by Geoff Bradley

   This is an annual event, held in November, and having missed the last couple, I managed to get into London last year [2010] for this one. First up was a illustrated talk by Rick Leary who was Computer Graphic Supervisor for the Guy Ritchie film Sherlock Holmes. He talked about how they recreated the banks of the Thames for the shots in the film.


   I was amazed by the amount of time and effort that they spent getting detail correct. The first thing he did was to get Victorian maps of the area from which to work. Panoramic digital photographs were taken from the high walkways on Tower Bridge and then existing Victorian building were found (some in Manchester) that were inserted to replace modem ones.

   As he said, most of the original buildings from that time that hadn’t been naturally replaced, were destroyed in the Blitz. A helicopter shoot was arranged, taking a great deal of time in these security conscious days, to film the Thames itself, but the day (in November) turned out to be so sunny that the footage couldn’t be used.


   In fact, he said, although they tried to use photographs of the Thames for the film, reflections in the surface meant that they couldn’t. He ended by showing excerpts from the film showing the final fight scenes on Tower Bridge, firstly with the green screen background as the actors grappled in the studio, and then with CGI imposed.

   It was an illuminating talk (in more ways than one) and I was very impressed by the amount of care that was spent in making the background detail authentic.

   Secondly came a 1949 thirty-minute television production of “The Adventure of the Speckled Band” with Alan Napier (later to become Alfred to Adam West’s Batman) as Sherlock Holmes. This was part of a series Your Show Time and was a fairly routine rendition which could be described, I suppose, as dated but enjoyable.


   Melville Cooper made a Watson straight from the Nigel Bruce School of Performing Arts. The series was sponsored by Lucky Strike which perhaps explains why host and narrator Arthur Shields should suddenly take a moment to exhale smoke directly at the camera.

   Another amusing moment was when, as Helen Stones started to tell her story, Holmes started to light the biggest curved pipe you could wish to see.

   The third item was “Four Beheadings and a Funeral”, a seven minute excerpt from “Treehouse of Horror XV”, a 2004 episode of The Simpsons. It was a Jack the Ripper style story (Jack the Rip-off?) with Eliza Simpson as the Holmes look-a-like, hindered by the Watsonian Dr Bartley. Other Simpsons regulars, including Marge as a flower girl, cropped up using deliberately exaggerated phoney cockney accents. An amusing sequence that I hadn’t seen before.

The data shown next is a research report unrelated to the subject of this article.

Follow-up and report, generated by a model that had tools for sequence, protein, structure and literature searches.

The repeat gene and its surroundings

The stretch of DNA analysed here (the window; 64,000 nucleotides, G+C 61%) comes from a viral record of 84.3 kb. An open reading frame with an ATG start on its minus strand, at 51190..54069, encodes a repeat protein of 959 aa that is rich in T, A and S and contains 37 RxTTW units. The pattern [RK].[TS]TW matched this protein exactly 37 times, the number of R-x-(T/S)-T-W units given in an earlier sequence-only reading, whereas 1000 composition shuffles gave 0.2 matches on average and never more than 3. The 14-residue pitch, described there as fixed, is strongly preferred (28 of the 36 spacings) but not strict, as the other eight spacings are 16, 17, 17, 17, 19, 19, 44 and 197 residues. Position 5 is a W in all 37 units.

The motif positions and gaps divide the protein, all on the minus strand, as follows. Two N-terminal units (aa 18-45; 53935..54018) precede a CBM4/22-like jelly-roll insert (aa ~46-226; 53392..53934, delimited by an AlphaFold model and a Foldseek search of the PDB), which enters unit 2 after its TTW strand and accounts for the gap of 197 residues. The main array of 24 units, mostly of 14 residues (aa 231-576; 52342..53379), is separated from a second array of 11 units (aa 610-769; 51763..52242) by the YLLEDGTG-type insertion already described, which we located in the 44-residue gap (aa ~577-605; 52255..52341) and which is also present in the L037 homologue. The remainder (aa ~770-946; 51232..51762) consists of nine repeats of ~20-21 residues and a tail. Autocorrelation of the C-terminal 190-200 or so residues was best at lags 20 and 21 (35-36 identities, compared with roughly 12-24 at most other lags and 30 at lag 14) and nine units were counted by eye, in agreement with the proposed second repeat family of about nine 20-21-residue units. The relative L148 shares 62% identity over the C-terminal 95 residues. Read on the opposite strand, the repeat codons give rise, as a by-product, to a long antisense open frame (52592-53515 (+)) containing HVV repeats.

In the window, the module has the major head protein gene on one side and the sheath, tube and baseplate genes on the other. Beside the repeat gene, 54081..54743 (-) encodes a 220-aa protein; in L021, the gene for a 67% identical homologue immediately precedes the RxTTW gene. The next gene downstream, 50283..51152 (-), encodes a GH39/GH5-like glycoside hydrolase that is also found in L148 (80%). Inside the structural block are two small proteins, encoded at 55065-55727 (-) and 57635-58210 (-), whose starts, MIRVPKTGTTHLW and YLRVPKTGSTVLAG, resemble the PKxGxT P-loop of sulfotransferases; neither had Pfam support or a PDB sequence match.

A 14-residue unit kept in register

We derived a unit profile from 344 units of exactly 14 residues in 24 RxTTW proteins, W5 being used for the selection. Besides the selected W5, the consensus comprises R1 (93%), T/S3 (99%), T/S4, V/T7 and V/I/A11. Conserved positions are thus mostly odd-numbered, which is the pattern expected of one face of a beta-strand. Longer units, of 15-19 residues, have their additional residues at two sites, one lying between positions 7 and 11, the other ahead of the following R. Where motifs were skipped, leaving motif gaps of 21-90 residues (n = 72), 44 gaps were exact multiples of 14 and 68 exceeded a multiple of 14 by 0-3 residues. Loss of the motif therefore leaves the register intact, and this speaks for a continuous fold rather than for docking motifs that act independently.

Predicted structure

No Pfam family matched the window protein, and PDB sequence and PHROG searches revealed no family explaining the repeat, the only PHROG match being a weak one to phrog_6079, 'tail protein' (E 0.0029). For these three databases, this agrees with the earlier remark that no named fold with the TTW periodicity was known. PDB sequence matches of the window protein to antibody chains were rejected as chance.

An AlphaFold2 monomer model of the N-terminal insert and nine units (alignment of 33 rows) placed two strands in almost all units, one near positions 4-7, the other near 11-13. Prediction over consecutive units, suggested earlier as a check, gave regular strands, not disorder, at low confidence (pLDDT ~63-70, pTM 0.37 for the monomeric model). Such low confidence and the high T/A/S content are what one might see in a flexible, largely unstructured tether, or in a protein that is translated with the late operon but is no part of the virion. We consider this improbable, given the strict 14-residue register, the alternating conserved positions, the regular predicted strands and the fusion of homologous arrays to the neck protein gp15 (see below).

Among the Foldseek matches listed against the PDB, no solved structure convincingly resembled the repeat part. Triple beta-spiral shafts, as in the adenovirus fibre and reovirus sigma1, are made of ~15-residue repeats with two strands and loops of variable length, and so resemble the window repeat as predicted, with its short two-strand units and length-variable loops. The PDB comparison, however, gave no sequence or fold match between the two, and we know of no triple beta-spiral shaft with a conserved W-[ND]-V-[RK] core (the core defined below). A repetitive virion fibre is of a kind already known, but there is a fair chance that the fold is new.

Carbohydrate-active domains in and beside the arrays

Finally we had “Sting of Death”, a 1955 episode from The Elgin Hour, based on A Taste of Honey by H.F. Heard. The leading character here is Mr Mycroft (supposedly, though not exactly stated, Sherlock Holmes) played by Boris Karloff. He comes to the rescue of Mr Silchester (a self-contained, stuffy man superbly played by Robert Flemyng) when he is attacked by the bees of the local beekeeper Hargrove (Heregrove in the book).

   The book’s weakness (well one of them) is that there seems no rational explanation for Heregrove’s actions (assuming that his actions are scientifically possible, a large assumption) except that he is mad. The film follows the book fairly faithfully (except for the necessary shortening) and somehow the failings appeared less as they are more easily overlooked as the action moves on.


   Karloff was fine as the elderly retired Holmes and Hermione Gingold put in a sterling performance as the deliberately perky housekeeper. Another dated but enjoyable production, which linked with “Speckled Band above when, in his final scene, Karloff proceeded to light the second largest curved pipe of the evening.

   I know, now, having checked after writing the above, that “Speckled Band” and “Sting of Death” are available on a US DVD together with other, some less Sherlockian, material. I’m trying to resist but the temptation is there.

Editorial Comment:  The DVD set is easily found in the US at least, including from Amazon. Some of these films and TV programs are also available as videos on the Internet. A little Googling should turn them up without much difficulty.